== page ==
theres a vid on youtube of a specrum doing streaming video, pretty cool!

and obvioulsy to showcase that you need the original box :)

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I thought that the Dragon was the best thing in town at the time.. no "dead flesh" keys for me...I learned how to poke stuff into the video on it and then write 6809 assembler with a MASSAM cartridge (which I later considered to be a RISC instruction set compared to the Z80). This was aided by my well-thumbed copy of "Inside the Dragon" that actually looked like it had been typed on a manual typewriter but surely must have been Wordprocessed.

I also remember being quite pleased at managing to get it to play intelligently on a screen-based version of a board game I owned called "Zonkers" that I created.... I was so surprised at how well my algorithm played that I had to show the cards it was 'holding' to prove it wasn't somehow 'cheating' by randomizing the cards! It seems that I got the weighting of which card to play so close to optimum that I rarely beat it...hardly A.I. I know, but I was only a hobbyist programmer working as a TV engineer at the time and I felt like I had written the Zonkers equivalent of the "Deep Thought" algorithm (which didn't yet exist, but you get the idea). Happy days, and something new learned or achieved almost every day.

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Ah... memory fail on the assembler cartridge....it was called Demon/DASM

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The official Dragon Data assembler/disassembler cartridge was called Alldream. Dream = DRagon Editor AsseMbler, IIRC

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While I was rummaging through a box...

... I knew I had a Beeb and various members of the Archimedes family, but now I apparently have an Electron. Mmm, don't remember picking that up anywhere. Maybe I'll play with it if I can find anything capable of playing tapes...or, do I even have any tapes? Can one download WAVs of these things?

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Re: While I was rummaging through a box...

Grab some UEFs from stairwaytohell.com then use something like uefreader.sourceforge.net to output as audio...

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Re: While I was rummaging through a box...

There are companies selling a modern board that pretends to be a disk drive to your old computer and uses an SD card for actual storage. It's a clever solution - you don't need to mangle your old machine, you don't need to battle with analogue audio signals and you control it all using whatever user interface the manufacturer actually intended.

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Nostalgia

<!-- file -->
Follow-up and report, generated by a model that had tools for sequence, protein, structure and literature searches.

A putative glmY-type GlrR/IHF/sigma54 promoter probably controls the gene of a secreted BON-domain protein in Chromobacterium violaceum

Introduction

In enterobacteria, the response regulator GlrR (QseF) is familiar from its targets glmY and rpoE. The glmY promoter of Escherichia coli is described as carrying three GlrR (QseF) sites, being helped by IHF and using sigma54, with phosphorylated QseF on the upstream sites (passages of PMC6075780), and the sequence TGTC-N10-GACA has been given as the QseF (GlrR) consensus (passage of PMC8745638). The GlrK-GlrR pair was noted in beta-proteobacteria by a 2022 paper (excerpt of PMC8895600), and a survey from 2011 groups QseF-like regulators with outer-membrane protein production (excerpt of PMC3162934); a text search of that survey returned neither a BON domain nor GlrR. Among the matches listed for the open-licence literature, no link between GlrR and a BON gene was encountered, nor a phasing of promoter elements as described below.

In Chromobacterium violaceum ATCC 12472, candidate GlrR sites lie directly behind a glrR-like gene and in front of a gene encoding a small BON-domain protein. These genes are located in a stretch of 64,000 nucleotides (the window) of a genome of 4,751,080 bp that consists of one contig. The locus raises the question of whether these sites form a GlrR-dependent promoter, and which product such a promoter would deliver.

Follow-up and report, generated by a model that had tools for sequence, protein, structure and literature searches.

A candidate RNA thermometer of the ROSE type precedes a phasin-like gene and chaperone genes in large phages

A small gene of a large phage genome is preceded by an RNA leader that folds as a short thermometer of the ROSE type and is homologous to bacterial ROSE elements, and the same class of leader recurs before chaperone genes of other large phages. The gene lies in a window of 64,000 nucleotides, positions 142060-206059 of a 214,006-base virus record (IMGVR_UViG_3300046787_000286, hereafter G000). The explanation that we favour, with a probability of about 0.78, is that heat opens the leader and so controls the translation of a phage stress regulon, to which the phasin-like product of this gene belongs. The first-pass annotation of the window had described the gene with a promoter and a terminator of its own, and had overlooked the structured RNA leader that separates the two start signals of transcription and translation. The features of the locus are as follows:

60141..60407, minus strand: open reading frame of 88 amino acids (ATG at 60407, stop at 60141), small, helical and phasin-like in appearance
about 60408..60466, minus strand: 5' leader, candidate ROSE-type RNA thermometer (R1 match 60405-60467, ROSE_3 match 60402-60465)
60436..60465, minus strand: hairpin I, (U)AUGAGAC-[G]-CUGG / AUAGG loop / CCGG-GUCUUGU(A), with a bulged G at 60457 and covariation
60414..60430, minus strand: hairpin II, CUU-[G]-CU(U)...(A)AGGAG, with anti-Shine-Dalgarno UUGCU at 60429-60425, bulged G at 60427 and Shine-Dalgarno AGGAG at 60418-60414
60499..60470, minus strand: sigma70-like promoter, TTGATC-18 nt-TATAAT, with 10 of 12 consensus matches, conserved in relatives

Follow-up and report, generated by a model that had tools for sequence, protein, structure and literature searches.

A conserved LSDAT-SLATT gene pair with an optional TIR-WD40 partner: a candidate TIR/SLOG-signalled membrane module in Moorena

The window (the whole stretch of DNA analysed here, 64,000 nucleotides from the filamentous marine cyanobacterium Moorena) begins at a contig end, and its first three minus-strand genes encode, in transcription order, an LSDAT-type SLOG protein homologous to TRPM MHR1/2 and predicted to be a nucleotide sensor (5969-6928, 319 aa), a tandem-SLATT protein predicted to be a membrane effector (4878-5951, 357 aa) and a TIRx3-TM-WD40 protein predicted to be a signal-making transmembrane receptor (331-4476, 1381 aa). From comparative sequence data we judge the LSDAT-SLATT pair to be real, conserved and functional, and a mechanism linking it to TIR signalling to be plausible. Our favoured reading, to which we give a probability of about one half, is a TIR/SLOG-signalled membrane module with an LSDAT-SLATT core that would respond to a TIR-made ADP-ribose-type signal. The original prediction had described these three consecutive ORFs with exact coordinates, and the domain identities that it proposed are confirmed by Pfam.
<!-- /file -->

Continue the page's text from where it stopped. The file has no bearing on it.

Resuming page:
I feel nostalgic when I call to mind those elderly instruction sets and codes to which futurity has been unkind.

Programming now is in quite other modes and writing in assembler on a pi will take you far down most unfriendly roads. Even Arduino makes me wonder why a simple board with an instruction set like the 6800, so the kids can try direct drive to a LED or buffer FET from plain instructions, wouldn't serve to make the basics harder to forget.

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Someone Else's Nostalgia in my basement

I bought the local access channel's Amiga 4000T when they moved buildings, thinking I would at least play some original Amiga classics (Shadow of the Beast is the only one that actually comes to mind). I never did, and it's still sitting in my basement. I'm sure *somebody* wants it, but I haven't gotten around to finding that someone yet.

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Re: Someone Else's Nostalgia in my basement

"I bought the local access channel's Amiga 4000T when they moved buildings, thinking I would at least play some original Amiga classics (Shadow of the Beast is the only one that actually comes to mind). I never did, and it's still sitting in my basement. I'm sure *somebody* wants it, but I haven't gotten around to finding that someone yet."

rather amazingly they fetch a fortune on ebay. 2 on there just now for 400 quid each.

I bought one in 2001 when I got the nostalgia bug - it had all the bits - picasso card, etc,etc... would have cost many 1000s in the day.

But after a brief play with, it ended up sitting gathering dust again. so it got sold to the next nostalgia buff.

As of now, the garage has:

1x zx81

1x rubber key spectrum

1x 128k spectrum

1x QL (in original box, etc... but keyboard flecked)

1 original apple mac (with external HD)

1 later apple mac with HD

1 apple mac iifx and monitor.

I dunno why I keep em..